While the last eight years have seen major changes regarding immigration laws, it’s no wonder there is so much uncertainly when it comes to who is eligible to immigrate to Canada. None the less, this much is true:
Federal Business Routes
There is no more business immigration under the federal scheme such as the Entrepreneur and Investor Immigration. Years ago an individual could loan the government $800,000 and be assured of obtaining permanent residency under the Investor category. This is no longer so, as both these categories have been dormant for the past 18 months and there is no signs of the government planning to re-institute such. There is, however, a limited visa start up option where potential entrepreneurs can apply, but only a handful of this type of visa have been issued over the year.
Provincial Business Routes
Since the federal program terminated its business avenues, it is now up to individual provinces, which have agreements with the Federal government, to approve potential business applicants. In British Columbia, an individual with a net worth of $400,000 that is prepared to invest $200,000 into a start-up business and hire a Canadian could qualify under the British Columbia Regional Entrepreneur Business Program. On the other hand, it there are businesses for sale then the business succession program can be used allowing an individual to obtain a work permit within a year to purchase the business and eventually obtain permanent residency.
The province screens individuals, qualifies them, monitors their performance and in the end provides a letter that allows the individual to apply for permanent residence with the Federal government.
While processing of Provincial applications climbs, it’s now taking anywhere from one to four years for approvals. Even after fulfilling the conditions set out of the Provincial government, the applicant must still wait an additional year and a half for permanent residency.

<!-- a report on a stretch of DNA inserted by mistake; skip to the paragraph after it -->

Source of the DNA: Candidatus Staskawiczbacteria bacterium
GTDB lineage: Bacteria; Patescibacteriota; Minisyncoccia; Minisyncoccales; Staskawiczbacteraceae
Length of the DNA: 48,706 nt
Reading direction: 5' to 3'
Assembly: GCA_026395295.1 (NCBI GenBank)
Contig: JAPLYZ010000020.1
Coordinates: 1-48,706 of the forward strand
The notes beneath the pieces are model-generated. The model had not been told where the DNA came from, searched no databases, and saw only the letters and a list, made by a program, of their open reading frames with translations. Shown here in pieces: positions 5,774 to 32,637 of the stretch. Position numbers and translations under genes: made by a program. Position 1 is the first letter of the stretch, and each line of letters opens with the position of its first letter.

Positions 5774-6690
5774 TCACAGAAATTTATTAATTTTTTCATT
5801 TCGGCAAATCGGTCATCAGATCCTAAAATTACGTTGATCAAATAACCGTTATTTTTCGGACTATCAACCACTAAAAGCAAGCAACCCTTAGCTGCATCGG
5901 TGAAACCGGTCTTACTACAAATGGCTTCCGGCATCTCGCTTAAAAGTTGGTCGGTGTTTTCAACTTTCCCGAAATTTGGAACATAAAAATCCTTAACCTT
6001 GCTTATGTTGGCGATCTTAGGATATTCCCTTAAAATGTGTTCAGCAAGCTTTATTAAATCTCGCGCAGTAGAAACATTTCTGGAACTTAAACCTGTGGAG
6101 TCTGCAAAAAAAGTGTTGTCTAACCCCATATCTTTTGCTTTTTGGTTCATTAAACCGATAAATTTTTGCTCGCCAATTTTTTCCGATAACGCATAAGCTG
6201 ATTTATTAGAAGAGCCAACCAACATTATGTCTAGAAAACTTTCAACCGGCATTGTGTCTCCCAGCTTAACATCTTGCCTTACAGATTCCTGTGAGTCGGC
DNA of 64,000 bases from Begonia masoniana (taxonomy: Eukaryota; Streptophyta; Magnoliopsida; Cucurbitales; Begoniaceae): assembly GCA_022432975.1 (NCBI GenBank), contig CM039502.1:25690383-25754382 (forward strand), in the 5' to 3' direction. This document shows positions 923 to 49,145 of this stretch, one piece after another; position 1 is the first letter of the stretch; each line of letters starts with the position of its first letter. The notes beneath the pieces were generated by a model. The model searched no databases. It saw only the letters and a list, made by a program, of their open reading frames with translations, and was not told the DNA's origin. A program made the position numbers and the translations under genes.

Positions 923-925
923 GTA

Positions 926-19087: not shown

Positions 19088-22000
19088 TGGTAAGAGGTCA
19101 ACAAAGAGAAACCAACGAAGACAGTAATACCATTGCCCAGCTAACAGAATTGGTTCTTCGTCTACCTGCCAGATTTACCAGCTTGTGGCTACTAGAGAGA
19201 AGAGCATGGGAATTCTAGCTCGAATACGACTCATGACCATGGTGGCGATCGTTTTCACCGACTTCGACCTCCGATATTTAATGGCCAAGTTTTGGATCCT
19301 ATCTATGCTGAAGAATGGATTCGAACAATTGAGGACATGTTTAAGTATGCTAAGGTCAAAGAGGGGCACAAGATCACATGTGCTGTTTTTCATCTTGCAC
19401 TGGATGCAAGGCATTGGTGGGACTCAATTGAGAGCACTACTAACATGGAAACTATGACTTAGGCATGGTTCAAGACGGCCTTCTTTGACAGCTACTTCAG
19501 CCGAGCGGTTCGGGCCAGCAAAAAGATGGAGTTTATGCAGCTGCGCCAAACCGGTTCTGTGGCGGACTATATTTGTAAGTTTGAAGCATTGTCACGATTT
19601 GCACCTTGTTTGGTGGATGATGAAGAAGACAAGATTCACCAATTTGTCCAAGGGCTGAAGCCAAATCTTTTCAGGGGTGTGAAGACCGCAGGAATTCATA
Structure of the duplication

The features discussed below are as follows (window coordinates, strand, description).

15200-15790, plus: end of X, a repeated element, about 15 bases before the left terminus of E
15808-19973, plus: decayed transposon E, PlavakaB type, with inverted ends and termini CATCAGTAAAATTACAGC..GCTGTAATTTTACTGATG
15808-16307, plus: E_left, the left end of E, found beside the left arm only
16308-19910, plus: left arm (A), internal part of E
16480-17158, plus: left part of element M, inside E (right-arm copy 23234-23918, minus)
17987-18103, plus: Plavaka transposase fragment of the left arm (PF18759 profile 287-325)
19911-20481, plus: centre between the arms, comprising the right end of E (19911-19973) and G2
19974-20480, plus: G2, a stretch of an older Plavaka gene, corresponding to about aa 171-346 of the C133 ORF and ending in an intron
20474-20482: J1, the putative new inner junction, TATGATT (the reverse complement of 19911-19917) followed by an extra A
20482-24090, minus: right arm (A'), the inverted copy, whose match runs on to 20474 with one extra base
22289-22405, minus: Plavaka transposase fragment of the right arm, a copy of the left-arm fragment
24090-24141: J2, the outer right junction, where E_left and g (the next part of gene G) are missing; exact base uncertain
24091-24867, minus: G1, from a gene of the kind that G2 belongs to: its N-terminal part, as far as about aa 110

Skilled Workers- Federal
Independent Skilled Workers applications from outside Canada are limited to lee than 10 percent of overall immigration. Due to such low numbers, the Minister of Immigration has reserved the right to select the occupations he believes are in demand, a list that changes from year to year.
Today the ideal applicant must be between the ages of 18 and 35, and must have university credentials that are equivalent to Canadian standards for the occupation. Under the trades category, the individual must either be in a procession of an approved Red Seal journeyman paper, or have a confirmed job offer in hand which had been approved by Employment and Social Development Canada (ESDC).
Skilled Workers- Provincial
In British Columbia, The Provincial Nominee Program requires a BC-based employer to sponsor the applicant, showing that it is difficult to find individuals with the skills required for the position. Applicants can usually be approved within five months by the BC PNP, and then a permanent residence application can be initiated, as well as a work permit.
If the individual has been a student in Canada and has worked for at least one year in an acceptable job, then the Canadian Experience Class is the route to go. This is an avenue favoured by the government, and allows students to obtain a three-year work permit following their university degree in Canada. Fields that are not approved for this permit include; administrative assistants, cooks, executive assistants and retail supervisors. PhD students are eligible to apply for permanent status if they have students in Canada for two full years.
Provided a Canadian citizen and permanent resident has regular income, the foreign national spouse can be granted permanent residence from as quickly as 11 months, and up to 40 months, depending on the nationality of the spouse.
Express Entry System
The government is introducing a new immigrant process, referred to as the “express entry.” It involves pooling together all potential immigrants into a common pool. While the rules have not yet been finalized (will be done by January 2015), the idea is that even if an immigrant potentially qualifies for permanent residency, it will not be guaranteed until a match has been made with an employer in Canada.
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